The graduate scene analysis

The Movie The Graduate directed by Mike Nichols is a coming of age story entailing the confusions young adults go through as to whether they actually are adults or still kids. The film attempts to relay a message of innocence being pushed in an unwanted direction through a society filled with expectations and selfishness of an older generation. Nichols does this successfully through using many different symbols throughout the movie such as the use of water.

Water, is the most common symbol in the movie, signifying his overwhelming confusion and being sub-merged in it. This happens when he is leaning against the fish tank in his room during the party when he attempts to think about his future. Then again, on his birthday in his scuba gear when his parents push him into the water, indicating his unwillingness to comply with their demands. The movie also contrasts the two worlds which Benjamin is torn between, a tainted “adult life” which includes the affair with an older woman or her daughter a young and innocent girl. A symbolic image of this is when Benjamin is at the hotel about to enter into the lobby. He opens the door as a group of elderly people walk in but, as he’s about to pass through a group of teenagers who are obviously at their prom walk through too. This displays Benjamin’s questions of belonging very well. As for the editing of the movie, the cross cutting between the two settings of Benjamin’s house and the hotel room where he meets Mrs. Robinson helps us understand and sympathize with Benjamin’s struggle.

The context of this film relates very much to the youth of America during the sixties, when films started to target a college aged consumer. The Graduate along with Bonnie and Clyde and Easy Rider were the first to come out and cashed in at the box office big time. With the huge number of young adults rebelling against their parent’s generation this theme related very well to them all.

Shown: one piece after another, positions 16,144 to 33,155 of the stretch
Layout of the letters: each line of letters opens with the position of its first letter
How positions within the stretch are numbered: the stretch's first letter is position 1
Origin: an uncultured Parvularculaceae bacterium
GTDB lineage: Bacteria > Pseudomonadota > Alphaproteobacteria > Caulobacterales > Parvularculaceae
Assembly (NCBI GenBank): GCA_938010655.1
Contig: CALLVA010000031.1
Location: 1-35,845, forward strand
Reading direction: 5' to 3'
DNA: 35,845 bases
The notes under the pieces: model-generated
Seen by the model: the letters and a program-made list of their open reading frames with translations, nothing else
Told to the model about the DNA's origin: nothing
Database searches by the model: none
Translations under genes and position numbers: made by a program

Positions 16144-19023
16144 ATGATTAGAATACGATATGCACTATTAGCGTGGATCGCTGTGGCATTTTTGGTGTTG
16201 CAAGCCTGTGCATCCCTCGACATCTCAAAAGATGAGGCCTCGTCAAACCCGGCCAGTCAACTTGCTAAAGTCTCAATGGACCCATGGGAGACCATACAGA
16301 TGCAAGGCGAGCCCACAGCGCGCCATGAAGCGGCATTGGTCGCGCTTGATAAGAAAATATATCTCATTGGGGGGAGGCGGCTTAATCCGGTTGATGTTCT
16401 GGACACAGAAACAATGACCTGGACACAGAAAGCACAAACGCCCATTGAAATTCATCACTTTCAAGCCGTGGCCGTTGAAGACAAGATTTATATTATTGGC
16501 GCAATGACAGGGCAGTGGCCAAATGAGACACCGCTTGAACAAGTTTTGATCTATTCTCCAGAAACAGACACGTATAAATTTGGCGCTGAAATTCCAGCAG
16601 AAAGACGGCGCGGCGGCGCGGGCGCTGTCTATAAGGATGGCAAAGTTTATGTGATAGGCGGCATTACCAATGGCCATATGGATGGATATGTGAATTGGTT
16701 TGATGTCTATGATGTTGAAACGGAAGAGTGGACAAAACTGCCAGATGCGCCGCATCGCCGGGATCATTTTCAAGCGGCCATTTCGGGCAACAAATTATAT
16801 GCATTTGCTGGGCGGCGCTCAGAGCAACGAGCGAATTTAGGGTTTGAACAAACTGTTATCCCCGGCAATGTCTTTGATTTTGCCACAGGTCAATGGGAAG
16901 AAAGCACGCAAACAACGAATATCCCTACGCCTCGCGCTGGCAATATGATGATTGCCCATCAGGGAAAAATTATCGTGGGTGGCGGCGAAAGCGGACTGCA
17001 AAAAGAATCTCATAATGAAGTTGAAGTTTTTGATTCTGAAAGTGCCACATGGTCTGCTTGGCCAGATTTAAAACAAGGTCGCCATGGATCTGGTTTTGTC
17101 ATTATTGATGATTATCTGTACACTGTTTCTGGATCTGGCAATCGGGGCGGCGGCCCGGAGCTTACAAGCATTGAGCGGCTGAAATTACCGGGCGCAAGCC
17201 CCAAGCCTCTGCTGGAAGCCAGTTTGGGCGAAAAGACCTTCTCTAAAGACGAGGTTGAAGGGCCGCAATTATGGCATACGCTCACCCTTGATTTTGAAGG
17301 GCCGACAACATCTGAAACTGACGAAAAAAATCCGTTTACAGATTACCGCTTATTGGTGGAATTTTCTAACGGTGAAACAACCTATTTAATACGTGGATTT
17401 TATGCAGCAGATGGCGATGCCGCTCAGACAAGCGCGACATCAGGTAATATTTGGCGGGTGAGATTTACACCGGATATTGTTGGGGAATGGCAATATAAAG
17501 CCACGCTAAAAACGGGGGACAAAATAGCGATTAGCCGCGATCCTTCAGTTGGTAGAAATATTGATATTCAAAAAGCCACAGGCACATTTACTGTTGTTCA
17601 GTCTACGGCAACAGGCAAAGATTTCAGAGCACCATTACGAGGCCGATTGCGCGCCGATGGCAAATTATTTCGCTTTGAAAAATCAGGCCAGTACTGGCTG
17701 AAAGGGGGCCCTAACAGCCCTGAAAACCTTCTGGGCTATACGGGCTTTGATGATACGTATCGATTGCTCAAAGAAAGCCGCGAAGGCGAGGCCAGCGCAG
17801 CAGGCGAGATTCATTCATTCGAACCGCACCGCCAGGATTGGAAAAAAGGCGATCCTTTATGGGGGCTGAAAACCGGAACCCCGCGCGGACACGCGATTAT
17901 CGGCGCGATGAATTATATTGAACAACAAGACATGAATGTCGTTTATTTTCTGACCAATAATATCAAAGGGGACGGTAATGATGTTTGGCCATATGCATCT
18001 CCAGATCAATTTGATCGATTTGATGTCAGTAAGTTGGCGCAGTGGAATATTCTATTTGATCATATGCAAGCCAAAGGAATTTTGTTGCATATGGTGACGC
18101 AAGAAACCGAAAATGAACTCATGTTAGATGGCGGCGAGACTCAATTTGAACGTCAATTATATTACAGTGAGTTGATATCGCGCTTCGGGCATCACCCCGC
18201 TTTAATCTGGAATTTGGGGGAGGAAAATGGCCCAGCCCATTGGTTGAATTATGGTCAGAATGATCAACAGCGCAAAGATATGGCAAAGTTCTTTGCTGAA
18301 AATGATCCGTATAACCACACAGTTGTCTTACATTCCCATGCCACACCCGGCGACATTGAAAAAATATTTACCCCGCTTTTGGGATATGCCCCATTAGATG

Another factor that contributed a great deal to this movie was the music. The soundtrack was done by Simon and Garfunkel which accompanied the theme quite well with The sounds of Silence and Mrs. Robinson. Both which were theme songs of the movie played at crucial parts to either foreshadow or emphasize Benjamin’s on-going struggle. In the opening scene there is a tight shot of Benjamin, making him seem isolated and alone, the shot eventually widens to reveal he is surrounded by people. In the next scene the song The Sound of Silence begins to play which allows us to understand although there are people around he feels alone in the world. The final scene of the movie, when the two lovers run off on the bus is very similar; they do not converse but sit on a bus in silence surrounded by people and the song is heard again. This may be because of a new confusion they are both about to confront becoming adults themselves or maybe Benjamin’s feeling of dissatisfaction of finally attaining what he set out to get.


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